5 STEP II: Conduct a Communication Audit The next step in the process is to conduct research, or a Communication Audit. Without this step, your plan will be based on personal experience and history and it may or may not reflect the marketplace, your customers needs or your intended goal. The objective of the Communication Audit is to learn about your existing communications, the audiences you reach, the communication channels you utilize, and the content of the messages you send. You want to learn what s effective and what needs to be changed, as well as the messages that set you apart from the competition. First, you need to determine the sources of your data. Potential sources include departments and divisions, individual staff members, external customers, and suppliers. Methods of obtaining input include personal interviews, focus groups, surveys and in-depth analysis of specific incidents. Consider the following questions as you re planning your audit: 1. Do your customers and staff members clearly understand your organization and the messages you re trying to convey? 2. What is your image within your company and also in the marketplace? 3. What channels do you use to communicate your offerings and advantages? 4. Are you reaching your audiences using current tactics? 5. What are your audiences not hearing? 6. Are your communications creating confusion? Following each interaction you have during your audit process, write a recap. This way, it will be easier to review interviews, identify themes and draw conclusions. Supplement the information you gather with feedback about competitors and you ll end up with some great data to shed light on your current situation and potential strategies. Companies often conduct communication audits annually just to make sure their communications are effective. Other times, audits may be prompted by corporate concerns such as stalled performance or a lack of productivity. Whatever the case, research is critical and a necessary place to start. Page 5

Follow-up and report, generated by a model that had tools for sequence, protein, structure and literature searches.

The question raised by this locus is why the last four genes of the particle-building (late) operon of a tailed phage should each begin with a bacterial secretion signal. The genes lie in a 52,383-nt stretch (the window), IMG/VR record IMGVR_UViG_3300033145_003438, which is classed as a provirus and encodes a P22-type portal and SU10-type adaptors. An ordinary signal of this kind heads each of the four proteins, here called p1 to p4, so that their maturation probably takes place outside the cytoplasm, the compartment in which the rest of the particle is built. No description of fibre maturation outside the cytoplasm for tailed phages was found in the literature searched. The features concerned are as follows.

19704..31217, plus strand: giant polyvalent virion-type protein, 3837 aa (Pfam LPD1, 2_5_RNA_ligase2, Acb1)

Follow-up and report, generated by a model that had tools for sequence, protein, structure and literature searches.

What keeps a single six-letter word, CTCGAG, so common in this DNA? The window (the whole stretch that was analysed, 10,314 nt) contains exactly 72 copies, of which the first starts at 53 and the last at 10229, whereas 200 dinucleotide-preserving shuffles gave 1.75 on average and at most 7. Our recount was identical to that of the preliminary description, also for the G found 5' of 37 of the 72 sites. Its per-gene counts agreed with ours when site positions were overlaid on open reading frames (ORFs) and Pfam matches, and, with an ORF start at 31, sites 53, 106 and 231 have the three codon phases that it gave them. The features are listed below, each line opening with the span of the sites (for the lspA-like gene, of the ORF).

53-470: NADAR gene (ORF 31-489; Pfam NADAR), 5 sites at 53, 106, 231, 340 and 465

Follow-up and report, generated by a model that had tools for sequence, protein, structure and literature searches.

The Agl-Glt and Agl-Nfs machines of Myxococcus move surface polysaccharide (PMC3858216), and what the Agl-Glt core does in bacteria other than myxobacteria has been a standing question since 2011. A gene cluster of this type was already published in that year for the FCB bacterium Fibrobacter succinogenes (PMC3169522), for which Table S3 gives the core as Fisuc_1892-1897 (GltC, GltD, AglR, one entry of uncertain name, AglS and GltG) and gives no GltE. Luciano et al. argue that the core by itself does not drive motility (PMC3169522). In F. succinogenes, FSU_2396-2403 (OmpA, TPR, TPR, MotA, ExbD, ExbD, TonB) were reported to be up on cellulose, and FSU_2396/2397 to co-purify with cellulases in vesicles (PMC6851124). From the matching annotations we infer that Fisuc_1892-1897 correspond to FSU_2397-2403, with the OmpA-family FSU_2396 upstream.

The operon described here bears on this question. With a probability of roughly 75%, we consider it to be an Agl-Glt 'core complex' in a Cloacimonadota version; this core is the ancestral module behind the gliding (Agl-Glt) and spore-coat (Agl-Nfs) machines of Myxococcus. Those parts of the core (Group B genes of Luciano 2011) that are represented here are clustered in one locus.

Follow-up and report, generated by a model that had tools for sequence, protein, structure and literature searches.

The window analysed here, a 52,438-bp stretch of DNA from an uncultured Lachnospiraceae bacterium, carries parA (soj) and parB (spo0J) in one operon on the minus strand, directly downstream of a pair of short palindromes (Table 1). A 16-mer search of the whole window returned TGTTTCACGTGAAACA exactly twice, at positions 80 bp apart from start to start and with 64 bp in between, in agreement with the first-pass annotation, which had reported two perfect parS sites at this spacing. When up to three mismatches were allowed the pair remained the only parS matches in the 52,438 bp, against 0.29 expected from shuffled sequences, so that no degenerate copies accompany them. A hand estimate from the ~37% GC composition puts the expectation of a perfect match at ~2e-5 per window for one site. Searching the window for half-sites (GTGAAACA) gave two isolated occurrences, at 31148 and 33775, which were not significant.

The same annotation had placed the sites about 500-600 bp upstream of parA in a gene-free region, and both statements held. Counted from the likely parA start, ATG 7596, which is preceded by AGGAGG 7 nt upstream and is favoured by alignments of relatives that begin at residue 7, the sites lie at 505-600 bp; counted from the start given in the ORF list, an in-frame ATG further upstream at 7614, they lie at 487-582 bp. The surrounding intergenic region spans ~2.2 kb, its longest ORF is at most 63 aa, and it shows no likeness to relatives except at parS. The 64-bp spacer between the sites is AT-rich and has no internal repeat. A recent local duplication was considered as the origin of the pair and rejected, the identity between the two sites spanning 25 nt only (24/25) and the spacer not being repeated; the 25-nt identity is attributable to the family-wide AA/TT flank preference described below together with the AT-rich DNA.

6 STEP III: Package Yourself With the input from your communication audit, you can now package your organization. This step requires that you create the tools you ll need to manage your message with clarity and consistency. By documenting your messages and using them across your communications, your internal and external audiences will have a better chance of hearing what you have to say: Brand Inventory It s important to take the time to think critically about your organization who you are, what you do, what makes you unique, and how you fit into the marketplace. Commit this to paper this is your Brand Inventory. Use these words to ensure consistent messaging in all your communications. Key Messages Your Key Messages emerge from your Brand Inventory. These are succinct statements that provide a snapshot of your organization, highlighting its most important features. These messages are what you want your internal and external customers to hear. Identity and Image Statements Create both of these. Your Identity is the message you want to communicate to your audiences. Your Image is the perception that others have of your organization. All organizations acquire an Image, whether accurate or not. The objective is to make sure your Image matches your expressed Identity. Elevator Pitch Its name says it all. An Elevator Pitch is a verbal descriptor of your company and must be concise enough to be recited in the time it takes to travel up or down an elevator. Share it with colleagues, especially those who interact with external audiences. Strategic Imperatives Strategic Imperatives are your Vision, Mission and Values. These are your overarching goals and provide a focal point for your organization. Make sure your team members understand them and work to achieve them. Remember, if you don t take the time to package yourself, someone else will. As an organization that wants to build a professional image and positive reputation, it s wise to proactively and strategically lay claim to who you are, what you do, and your distinct differences. Page 6